“The water breaks the adhesion between the substrate and the thin film – but it’s important to remove the water before moving the film,” Cao says. “Otherwise, capillary action would case the film to buckle or fold when you pick it up.

“This new transfer technique gets us one step closer to using MoS2 to create flexible computers,” Cao adds. “We are currently in the process of developing devices that use this technology.”

A “just accepted” version of the paper, “Surface Energy-Assisted Perfect Transfer of Centimeter-Scale Monolayer and Fewlayer MoS2 Films onto Arbitrary Substrates,” was published online Oct. 27 in ACS Nano. Lead author of the paper is Alper Gurarslan, a Ph.D. student at NC State. Co-authors include NC State Ph.D. students Yifei Yu, Yiling Yu, Francisco Suarez, and Shanshan Yao; Dr. Yong Zhu, an associate professor of materials and aerospace engineering at NC State; Dr. Mehmet Ozturk, a professor of electrical and computer engineering at NC State; and Liqin Su and Dr. Yong Zhang of the University of North Carolina at Charlotte. The research was funded by the U.S. Army Research Office under grant number W911NF-13-1-0201 and the National Science Foundation under grant number DMR-1352028.


Note to Editors: The study abstract follows.

“Surface Energy-Assisted Perfect Transfer of Centimeter-Scale Monolayer and Fewlayer MoS2 Films onto Arbitrary Substrates”

Authors: Alper Gurarslan, Yifei Yu, Yiling Yu, Francisco Suarez, Shanshan Yao, Yong Zhu, Mehmet Ozturk, and Linyou Cao, North Carolina State University; Liqin Su and Yong Zhang, University of North Carolina at Charlotte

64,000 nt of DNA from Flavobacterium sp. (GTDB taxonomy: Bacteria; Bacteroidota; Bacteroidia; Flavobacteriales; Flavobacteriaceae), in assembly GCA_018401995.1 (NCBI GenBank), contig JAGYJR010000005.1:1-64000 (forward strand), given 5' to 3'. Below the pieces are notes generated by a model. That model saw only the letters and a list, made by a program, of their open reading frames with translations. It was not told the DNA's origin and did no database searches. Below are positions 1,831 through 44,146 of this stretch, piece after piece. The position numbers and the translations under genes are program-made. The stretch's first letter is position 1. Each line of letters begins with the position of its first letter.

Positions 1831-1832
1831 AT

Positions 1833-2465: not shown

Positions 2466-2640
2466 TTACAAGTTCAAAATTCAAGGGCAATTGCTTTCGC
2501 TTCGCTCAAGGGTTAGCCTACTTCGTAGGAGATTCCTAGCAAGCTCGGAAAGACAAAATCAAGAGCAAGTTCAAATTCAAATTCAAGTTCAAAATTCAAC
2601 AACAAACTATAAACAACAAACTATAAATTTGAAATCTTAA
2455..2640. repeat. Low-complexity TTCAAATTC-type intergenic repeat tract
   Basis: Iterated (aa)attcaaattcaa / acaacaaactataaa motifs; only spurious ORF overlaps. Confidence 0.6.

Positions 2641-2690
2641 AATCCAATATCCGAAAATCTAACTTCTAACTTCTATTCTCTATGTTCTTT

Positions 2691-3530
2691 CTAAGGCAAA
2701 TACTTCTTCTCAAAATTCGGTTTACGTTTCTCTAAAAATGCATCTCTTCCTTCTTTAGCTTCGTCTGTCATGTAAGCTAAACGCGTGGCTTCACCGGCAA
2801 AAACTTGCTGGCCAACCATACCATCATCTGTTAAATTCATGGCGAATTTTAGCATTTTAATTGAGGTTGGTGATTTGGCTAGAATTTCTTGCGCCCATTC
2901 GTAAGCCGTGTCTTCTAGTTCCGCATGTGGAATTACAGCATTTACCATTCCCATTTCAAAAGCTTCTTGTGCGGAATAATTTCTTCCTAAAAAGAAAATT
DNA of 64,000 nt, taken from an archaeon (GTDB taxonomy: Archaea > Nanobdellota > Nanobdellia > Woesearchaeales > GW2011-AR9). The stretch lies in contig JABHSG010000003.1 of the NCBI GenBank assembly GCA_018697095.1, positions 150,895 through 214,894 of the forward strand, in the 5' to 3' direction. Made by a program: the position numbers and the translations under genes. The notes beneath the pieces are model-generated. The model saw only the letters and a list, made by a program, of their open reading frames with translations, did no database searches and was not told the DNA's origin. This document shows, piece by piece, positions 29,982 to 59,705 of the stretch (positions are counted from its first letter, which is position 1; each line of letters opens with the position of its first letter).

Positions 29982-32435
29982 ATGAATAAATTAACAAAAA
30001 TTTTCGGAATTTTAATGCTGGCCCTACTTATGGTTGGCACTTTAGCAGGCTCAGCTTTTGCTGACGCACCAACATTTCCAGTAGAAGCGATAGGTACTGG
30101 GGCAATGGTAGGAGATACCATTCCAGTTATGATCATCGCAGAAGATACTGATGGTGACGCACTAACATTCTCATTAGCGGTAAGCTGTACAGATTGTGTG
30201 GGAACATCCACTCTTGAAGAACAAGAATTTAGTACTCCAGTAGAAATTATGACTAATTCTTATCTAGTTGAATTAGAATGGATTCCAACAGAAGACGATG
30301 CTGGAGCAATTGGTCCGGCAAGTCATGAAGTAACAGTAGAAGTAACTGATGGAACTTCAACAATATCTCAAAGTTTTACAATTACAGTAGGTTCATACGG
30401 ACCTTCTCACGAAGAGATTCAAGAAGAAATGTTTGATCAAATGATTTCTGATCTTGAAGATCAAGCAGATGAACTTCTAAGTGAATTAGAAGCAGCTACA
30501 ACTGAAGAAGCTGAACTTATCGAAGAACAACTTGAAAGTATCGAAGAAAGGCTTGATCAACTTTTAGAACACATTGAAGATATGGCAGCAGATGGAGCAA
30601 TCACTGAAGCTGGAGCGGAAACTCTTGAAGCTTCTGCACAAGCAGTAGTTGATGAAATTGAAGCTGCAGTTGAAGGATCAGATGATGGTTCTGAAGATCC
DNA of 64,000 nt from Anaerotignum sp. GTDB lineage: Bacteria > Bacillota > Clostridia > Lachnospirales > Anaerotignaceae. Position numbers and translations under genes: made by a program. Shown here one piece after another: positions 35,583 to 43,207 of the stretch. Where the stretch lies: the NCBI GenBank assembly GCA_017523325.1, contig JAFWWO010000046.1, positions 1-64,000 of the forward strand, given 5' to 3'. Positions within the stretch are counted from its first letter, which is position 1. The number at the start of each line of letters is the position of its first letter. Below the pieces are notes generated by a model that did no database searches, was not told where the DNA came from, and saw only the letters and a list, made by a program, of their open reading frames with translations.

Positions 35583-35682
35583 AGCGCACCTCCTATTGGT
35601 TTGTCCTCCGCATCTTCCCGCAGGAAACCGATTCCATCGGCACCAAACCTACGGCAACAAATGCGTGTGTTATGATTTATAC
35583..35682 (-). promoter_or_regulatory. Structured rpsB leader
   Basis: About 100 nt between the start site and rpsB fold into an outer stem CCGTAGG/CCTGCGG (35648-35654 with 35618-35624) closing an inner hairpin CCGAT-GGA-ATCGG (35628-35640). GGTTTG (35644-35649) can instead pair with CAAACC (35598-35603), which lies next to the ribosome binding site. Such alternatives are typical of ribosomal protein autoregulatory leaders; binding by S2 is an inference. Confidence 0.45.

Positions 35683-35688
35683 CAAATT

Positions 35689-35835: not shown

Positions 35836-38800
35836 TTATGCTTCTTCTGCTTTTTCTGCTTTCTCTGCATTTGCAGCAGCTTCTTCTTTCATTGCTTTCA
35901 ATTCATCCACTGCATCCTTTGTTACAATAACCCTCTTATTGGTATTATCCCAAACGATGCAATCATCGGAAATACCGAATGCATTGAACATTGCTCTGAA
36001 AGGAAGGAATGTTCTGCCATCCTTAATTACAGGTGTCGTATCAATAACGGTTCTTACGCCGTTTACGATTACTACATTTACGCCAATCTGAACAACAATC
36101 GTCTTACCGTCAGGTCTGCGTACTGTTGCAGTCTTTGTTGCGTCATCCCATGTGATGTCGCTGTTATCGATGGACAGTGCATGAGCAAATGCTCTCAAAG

Published: Oct. 27, ACS Nano

DOI: 10.1021/nn5057673

Abstract: The transfer of synthesized 2D MoS2 films is important for fundamental and applied research. However, it is problematic to translate the well-established transfer processes for graphene to MoS2 due to different growth mechanisms and surface properties. Here we demonstrate a surface energy-assisted process that can perfectly transfer centimeter-scale monolayer and few-layer MoS2 films from original growth substrates onto arbitrary substrates with no observable wrinkles, cracks, and polymer residues. The unique strategies used in this process include leveraging on the penetration of water between hydrophobic MoS2 films and hydrophilic growth substrates to lift off the films and dry transferring the film after the lift off. This is in stark contrast with the previous transfer process for synthesized MoS2 films, which explores the etching of the growth substrate by hot base solutions to lift off the films. Our transfer process can effectively eliminate the mechanical force caused by bubble generations, the attacks from chemical etchants, and the capillary force induced when transferring the film outside solutions as in the previous transfer process, which consist of the major causes for the previous unsatisfactory transfer. Our transfer process also benefits from using polystyrene (PS), instead of PMMA that was widely used previously, as the carrier polymer. PS can form more intimate interaction with MoS2 films than PMMA and is an important for maintaining the integrity of the film during the transfer process. This surface energy-assisted approach can be generally applied to the transfer of other 2D materials, like WS2.